No. 12, “Fossils,” is an example of Saint-Saëns poking fun at his own music. The most recognizable tune he incorporates into this silly hodgepodge (marked ridicolo, or “ridiculously”) is “Twinkle, Twinkle, Little Star,” which is known in French as “Ah! vous dirai-je, maman.” Opera fans may catch a fleeting reference to Rosina’s aria “Una voce poco fa” from Rossini’s Barber of Seville. The composer quotes two other popular French folk tunes and uses a snatch of a theme from his own orchestral tone poem, Danse macabre. “Fossils” uses xylophone to emulate the rattling of bones.
Though Saint-Saëns does not quote Rameau’s music, he pays tribute to the French Baroque master in No. 1, “Cocks and Hens,” and takes a bow to the budding impressionist movement in No. 7, “Aquarium.” His use of celeste in that movement is daring—Alphonse Mustel had just introduced the new instrument in 1886.
The satire is not restricted to animals or composers. Saint-Saëns also mocks himself and all students of the keyboard in No. 11, “Pianists,” and pokes fun at “Characters with Long Ears” in No. 8—surely a coded satire.
It is all done with an incomparably light touch and with great economy of means. Satirical humor and incisive vignettes have made The Carnival of the Animals a classic.
Instrumentation: flute (doubling piccolo), clarinet, xylophone, glass harmonica (usually played on glockenspiel or celeste), strings and two pianos.
Born: March 7, 1875, in Ciboure, Basses-Pyrenées, France
Died: December 28, 1937, in Paris, France
World Premiere: November 22, 1928, in Paris.
NJSO Premiere: 1969–70 season; Henry Lewis conducted.
Duration: 14 minutes
The Polish-born composer Alexandre Tansman once told musicologist Roger Nichols:
Boléro was first performed as a ballet by Ida Rubinstein, commissioned by her, and it was not a musical success. And then Toscanini came with the New York Philharmonic and played it much faster. And Ravel was not pleased at all. We were in the same box and he wouldn’t stand up when Toscanini tried to get him to take a bow. Then he went backstage and told Toscanini, “It’s too fast,” and Toscanini said, “It’s the only way to save the work.”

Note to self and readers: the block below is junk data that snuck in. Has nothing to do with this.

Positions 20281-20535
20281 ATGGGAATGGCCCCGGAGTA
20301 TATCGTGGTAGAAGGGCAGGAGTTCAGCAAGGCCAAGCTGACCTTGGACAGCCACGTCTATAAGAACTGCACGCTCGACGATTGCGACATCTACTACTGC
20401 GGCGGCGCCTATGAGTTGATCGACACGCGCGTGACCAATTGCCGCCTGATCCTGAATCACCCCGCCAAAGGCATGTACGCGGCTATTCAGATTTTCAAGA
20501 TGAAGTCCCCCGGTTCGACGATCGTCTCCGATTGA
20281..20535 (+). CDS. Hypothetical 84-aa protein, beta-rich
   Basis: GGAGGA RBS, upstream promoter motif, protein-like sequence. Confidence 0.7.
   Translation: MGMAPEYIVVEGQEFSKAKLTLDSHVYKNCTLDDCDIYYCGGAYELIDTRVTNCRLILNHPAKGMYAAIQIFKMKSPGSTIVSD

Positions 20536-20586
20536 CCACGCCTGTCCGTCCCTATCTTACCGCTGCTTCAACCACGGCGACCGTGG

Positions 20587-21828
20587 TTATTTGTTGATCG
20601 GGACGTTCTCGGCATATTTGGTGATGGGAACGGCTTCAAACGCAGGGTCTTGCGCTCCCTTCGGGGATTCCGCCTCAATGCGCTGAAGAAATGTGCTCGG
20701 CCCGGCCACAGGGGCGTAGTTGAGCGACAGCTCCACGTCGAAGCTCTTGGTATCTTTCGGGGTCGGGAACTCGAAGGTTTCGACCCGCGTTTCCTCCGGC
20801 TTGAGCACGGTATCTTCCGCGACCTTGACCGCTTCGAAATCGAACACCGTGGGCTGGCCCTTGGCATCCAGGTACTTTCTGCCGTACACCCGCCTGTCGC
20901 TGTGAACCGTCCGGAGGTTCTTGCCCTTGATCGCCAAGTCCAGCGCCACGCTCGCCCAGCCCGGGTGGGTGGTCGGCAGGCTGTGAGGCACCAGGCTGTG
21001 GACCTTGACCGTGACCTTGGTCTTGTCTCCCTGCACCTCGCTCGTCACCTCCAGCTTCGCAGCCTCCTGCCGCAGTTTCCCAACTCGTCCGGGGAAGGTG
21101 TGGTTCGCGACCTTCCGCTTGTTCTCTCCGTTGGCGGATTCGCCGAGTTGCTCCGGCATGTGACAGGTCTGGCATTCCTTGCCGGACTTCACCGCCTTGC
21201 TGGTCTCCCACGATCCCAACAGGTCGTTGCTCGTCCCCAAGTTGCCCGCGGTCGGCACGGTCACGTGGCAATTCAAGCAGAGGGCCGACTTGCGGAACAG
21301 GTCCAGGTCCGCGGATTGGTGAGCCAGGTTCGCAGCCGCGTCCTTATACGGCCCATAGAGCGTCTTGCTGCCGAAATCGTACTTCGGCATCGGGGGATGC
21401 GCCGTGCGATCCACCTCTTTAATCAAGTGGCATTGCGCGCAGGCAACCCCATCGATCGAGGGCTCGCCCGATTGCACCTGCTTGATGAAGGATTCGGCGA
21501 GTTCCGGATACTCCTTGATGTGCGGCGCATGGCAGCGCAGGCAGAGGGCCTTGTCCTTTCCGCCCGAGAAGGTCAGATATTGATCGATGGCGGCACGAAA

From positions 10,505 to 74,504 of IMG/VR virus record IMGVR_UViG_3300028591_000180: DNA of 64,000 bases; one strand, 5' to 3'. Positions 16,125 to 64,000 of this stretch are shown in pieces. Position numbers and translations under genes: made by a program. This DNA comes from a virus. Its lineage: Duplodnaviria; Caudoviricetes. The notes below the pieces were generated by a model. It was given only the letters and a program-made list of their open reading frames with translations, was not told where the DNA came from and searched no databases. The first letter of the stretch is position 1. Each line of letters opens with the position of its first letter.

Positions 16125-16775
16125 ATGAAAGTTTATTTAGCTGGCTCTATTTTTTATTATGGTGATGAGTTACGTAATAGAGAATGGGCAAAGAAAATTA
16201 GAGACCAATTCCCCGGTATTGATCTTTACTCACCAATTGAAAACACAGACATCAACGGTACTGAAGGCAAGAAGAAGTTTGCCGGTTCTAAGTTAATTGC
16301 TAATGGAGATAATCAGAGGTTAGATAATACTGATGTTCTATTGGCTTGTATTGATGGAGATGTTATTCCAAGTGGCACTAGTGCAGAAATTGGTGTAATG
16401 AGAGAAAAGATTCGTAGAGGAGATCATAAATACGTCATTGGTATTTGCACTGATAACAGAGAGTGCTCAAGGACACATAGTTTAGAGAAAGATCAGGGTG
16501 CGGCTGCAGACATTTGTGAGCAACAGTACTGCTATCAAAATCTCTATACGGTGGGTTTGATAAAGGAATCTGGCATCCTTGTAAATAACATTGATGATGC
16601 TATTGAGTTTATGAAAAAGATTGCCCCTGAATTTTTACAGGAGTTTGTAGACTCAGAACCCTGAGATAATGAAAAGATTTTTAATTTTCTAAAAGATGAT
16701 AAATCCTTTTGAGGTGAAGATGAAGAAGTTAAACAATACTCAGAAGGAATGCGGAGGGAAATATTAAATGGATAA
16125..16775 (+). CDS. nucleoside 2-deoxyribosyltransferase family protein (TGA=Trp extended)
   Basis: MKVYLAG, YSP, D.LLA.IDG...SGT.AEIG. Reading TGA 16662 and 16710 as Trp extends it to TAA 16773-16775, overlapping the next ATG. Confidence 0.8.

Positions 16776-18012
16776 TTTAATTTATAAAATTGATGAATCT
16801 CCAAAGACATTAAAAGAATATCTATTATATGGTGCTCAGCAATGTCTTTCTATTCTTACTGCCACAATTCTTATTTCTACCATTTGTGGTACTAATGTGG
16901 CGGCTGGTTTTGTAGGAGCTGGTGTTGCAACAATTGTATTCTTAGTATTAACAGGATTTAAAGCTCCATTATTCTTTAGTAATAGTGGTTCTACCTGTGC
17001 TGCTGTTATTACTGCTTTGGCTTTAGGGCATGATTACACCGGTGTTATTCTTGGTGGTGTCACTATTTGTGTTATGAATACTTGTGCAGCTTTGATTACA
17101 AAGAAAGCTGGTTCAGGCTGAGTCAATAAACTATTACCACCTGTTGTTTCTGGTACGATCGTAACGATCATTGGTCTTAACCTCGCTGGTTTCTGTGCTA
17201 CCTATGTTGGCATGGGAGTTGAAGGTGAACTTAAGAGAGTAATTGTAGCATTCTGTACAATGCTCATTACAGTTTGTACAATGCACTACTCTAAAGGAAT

Neither Ravel nor Toscanini could possibly have foreseen the enormous popularity that Boléro would achieve. Even before Blake Edwards’ film 10 (1979) assured it a permanent place in every movie soundtrack collection, Boléro was one of the most frequently performed compositions in any concert hall, readily recognized by non-musicians. Something about its insistent, understated (and deceptively simple) rhythm and magnificent, controlled crescendo to the ultimate orchestra climax has captured audience imaginations for nearly nine decades. With Boléro, Ravel secured an enviable spot in the permanent repertoire.
Ironically, he had very mixed feelings about the work, dismissing it as a “crescendo on a commonplace melody in the genre of Padilla; Boléro: 17 minutes of orchestra without any music.” He told music critic Michel-Dimitri Calvocoressi that it was an experiment: “Orchestral tissue without music. …There are no contrasts, and there is practically no invention save the plan and the manner of execution. The themes are altogether impersonal, folk tunes of the usual Spanish-Arabian kind, and the orchestral writing is simple and straightforward throughout, without the slightest attempt at virtuosity.”
Was it embarrassment in the face of such enormous success that caused him to be so self-disparaging?
Ballet with Spanish roots
Ravel began work on Boléro upon returning from a four-month tour in the United States and Canada early in 1928. Prior to his departure, he had agreed to compose a ballet for his friend Ida Rubinstein, a former dancer with Diaghilev’s Ballets Russes who had formed her own troupe. Her initial suggestion was an orchestration of pieces from Albéniz’s Ibéria. After discarding that idea, Ravel next thought to arrange one of his own pieces. Eventually, he began work on an entirely new composition, called Fandango. Shortly afterward, he altered the title to Boléro, completing the score in a matter of months. The ballet premiered in November 1928.
For most audience members, the music of Ravel’s Boléro is so familiar as to not require comment. What may enhance the experience is concentration on the intricacy of the melody, whose rhythmic nuances and sinuous wanderings are vastly more complex than one initially thinks. (Try singing the melody on your own, without a recording in the background to help you along!) Also, Ravel’s incomparable orchestration reaches a pinnacle in this work. He escalates both dynamic level and tension while sustaining a steady pulse and a virtually static harmonic rhythm. The success of his “exercise” has given Western music one of its most treasured orchestral works.
Instrumentation: two flutes; piccolo; two oboes (second doubling oboe d’amore); English horn; clarinet in E flat; two clarinets in B flat; bass clarinet; two bassoons; contrabassoon; four horns; high-D trumpet; three trumpets in C; three trombones; tuba; soprano and tenor saxophones; timpani; two snare drums; cymbals; tam-tam; celeste; harp and strings.